10,000 Bullets   Exploring the world of Cinema from the Arthouse to the Grindhouse™

Doberman Cop 
Written by: on August 1st, 2005
Theatrical Release Date: Japan, 1977
Approximate running time: 90 mins
Aspect Ratio: 1.85:1 Widescreen
Language: Japanese

Director: Kinji Fukasaku
Writers: Buronson, Kôji Takada
Cinematography: Toru Nakajima
Cast: Sonny Chiba, Hiroki Matsukata, Janet Yata, Eiko Matsuda, Seizo Fukumoto

Joji Kano (Sonny Chiba) is a small town detective from Okinawa who has been hired by a woman who wants him to find her daughter Yuna who disappeared five years ago. When a prostitute’s body is burned beyond recognition in an apparent arson the police links up this body as the missing girl named Yuna who Jiro has been looking for. Unconvinced that this is the girl Jiro starts to investigate on his own.

One day fate would intervene as the police need Jiro’s helps when a madman is keeping a pop star named Miki prisoner in an apartment on the fortieth floor. This girl named Miki looks mysteriously like the missing girl Yuna and when Jiro presses her about her identity the Yakuza who are in charge of her career put up obstacles in his way to convince him other wise. Is this the girl who Jiro has been looking for and has he put his life in danger by crossing the Yakuza?

Doberman Cop is yet another classic collaboration between Sonny Chiba and director Kinji Fukasaku. Chiba’s character Jiro is like a fish out of water as his rural upbringings clashes with the way big city folks do things. Early on it is apparent that this is not your typical Yakuza films as Chiba’s character carries around in a sack a pig. The pig seems to pop up through out the film at the most opportune time like when Jiro goes to a strip and when the pig won’t stop squealing the stripper dancing on the stage asks Jiro to let the pig loose on the stage. What follows in even more bizarre as the crowd helps rip  off his clothes as the stripper mounts Jiro as she performs a live sex act for her audience.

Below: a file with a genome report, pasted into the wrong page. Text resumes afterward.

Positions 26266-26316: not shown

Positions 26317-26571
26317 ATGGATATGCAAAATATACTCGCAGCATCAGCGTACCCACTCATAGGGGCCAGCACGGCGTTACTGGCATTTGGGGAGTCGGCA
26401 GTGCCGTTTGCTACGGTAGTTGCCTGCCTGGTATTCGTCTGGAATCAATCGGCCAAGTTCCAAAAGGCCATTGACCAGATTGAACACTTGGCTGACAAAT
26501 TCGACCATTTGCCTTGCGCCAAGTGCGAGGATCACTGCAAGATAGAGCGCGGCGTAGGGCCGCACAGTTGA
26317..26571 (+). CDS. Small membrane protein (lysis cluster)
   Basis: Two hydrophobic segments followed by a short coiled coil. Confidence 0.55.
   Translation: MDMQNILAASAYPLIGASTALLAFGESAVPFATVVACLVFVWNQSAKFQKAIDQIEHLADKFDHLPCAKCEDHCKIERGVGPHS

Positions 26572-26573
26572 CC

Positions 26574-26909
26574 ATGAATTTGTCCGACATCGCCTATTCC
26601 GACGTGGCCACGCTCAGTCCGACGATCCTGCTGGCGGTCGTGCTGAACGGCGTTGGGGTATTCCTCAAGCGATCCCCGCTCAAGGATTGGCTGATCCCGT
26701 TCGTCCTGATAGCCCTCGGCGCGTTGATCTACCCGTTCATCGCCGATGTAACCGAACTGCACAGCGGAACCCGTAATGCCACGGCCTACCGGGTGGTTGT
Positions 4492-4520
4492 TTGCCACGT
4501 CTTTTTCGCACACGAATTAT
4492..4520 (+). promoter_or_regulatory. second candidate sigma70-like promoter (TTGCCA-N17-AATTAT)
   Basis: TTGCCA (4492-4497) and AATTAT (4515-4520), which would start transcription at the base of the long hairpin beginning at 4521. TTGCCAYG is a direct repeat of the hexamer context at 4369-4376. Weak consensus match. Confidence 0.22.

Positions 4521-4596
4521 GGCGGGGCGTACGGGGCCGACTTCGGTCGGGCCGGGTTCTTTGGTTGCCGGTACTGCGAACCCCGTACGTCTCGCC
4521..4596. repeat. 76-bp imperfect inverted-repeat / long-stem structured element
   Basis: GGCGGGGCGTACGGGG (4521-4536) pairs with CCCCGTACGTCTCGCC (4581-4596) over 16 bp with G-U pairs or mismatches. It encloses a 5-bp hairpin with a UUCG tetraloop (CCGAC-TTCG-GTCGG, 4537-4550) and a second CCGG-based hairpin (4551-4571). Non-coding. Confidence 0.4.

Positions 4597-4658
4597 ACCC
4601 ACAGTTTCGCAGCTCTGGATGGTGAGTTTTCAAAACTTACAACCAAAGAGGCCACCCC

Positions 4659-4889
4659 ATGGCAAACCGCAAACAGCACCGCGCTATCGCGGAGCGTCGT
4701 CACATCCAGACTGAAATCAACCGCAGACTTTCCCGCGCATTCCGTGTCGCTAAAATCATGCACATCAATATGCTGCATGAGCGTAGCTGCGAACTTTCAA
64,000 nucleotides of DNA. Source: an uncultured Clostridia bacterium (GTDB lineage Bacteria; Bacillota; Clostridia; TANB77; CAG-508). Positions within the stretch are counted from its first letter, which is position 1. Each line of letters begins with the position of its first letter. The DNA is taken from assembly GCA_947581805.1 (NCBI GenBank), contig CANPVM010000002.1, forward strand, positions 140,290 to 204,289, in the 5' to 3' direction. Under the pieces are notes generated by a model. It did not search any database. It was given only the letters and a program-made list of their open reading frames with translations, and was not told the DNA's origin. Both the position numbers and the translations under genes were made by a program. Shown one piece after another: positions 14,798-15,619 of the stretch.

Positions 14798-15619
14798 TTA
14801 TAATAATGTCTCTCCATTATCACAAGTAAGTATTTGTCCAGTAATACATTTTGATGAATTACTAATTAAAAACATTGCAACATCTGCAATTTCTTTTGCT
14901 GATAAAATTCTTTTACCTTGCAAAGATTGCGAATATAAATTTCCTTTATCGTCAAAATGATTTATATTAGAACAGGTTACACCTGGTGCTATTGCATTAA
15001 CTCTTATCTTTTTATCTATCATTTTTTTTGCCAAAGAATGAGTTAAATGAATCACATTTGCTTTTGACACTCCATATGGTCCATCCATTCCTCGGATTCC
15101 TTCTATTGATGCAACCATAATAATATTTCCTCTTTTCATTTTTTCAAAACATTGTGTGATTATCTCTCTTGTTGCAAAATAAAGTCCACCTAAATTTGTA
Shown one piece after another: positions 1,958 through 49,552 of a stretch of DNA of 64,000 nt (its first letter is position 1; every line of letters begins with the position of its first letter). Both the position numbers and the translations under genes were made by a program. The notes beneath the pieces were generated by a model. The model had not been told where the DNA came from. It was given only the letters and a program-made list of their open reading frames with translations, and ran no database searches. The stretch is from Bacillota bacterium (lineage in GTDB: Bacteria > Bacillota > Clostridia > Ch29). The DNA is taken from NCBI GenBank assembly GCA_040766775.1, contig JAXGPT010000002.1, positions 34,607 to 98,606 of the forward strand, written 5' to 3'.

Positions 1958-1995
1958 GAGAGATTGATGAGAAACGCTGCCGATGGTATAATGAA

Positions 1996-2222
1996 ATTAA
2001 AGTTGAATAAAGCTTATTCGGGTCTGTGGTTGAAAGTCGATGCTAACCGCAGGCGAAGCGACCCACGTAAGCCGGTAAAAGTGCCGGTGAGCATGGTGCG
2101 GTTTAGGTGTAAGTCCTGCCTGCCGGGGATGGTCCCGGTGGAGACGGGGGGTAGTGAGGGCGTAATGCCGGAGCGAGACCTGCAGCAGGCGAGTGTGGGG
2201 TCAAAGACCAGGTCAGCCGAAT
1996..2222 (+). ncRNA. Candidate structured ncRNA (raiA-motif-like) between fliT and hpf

The action is more in the style of bar brawler then that of a expert martial artists. It is the rawness of the fighting choreography that helps sell the ruff and simple character of Jiro. Chiba’s character is given in one scene a 44 Magnum which is a gun that is a trademark of another renegade cop who doesn’t play by the rules named Dirty Harry. Like many of Fukasaku films from this period Doberman Cop deals with abuse of power this time in the form of police brutality.

To make the action feel more authentic during action sequences often employs the use of a hand held camera giving the film a documentary look and feel. Another major theme that runs through out is the loss of innocence as Miki has gone to far that she can never return to past she left behind and the how the big city has forever changed Jiro’s view of the world.

Overall Doberman Cop is one of Chiba and Fukasaku’s most unusual and compelling collaborations.

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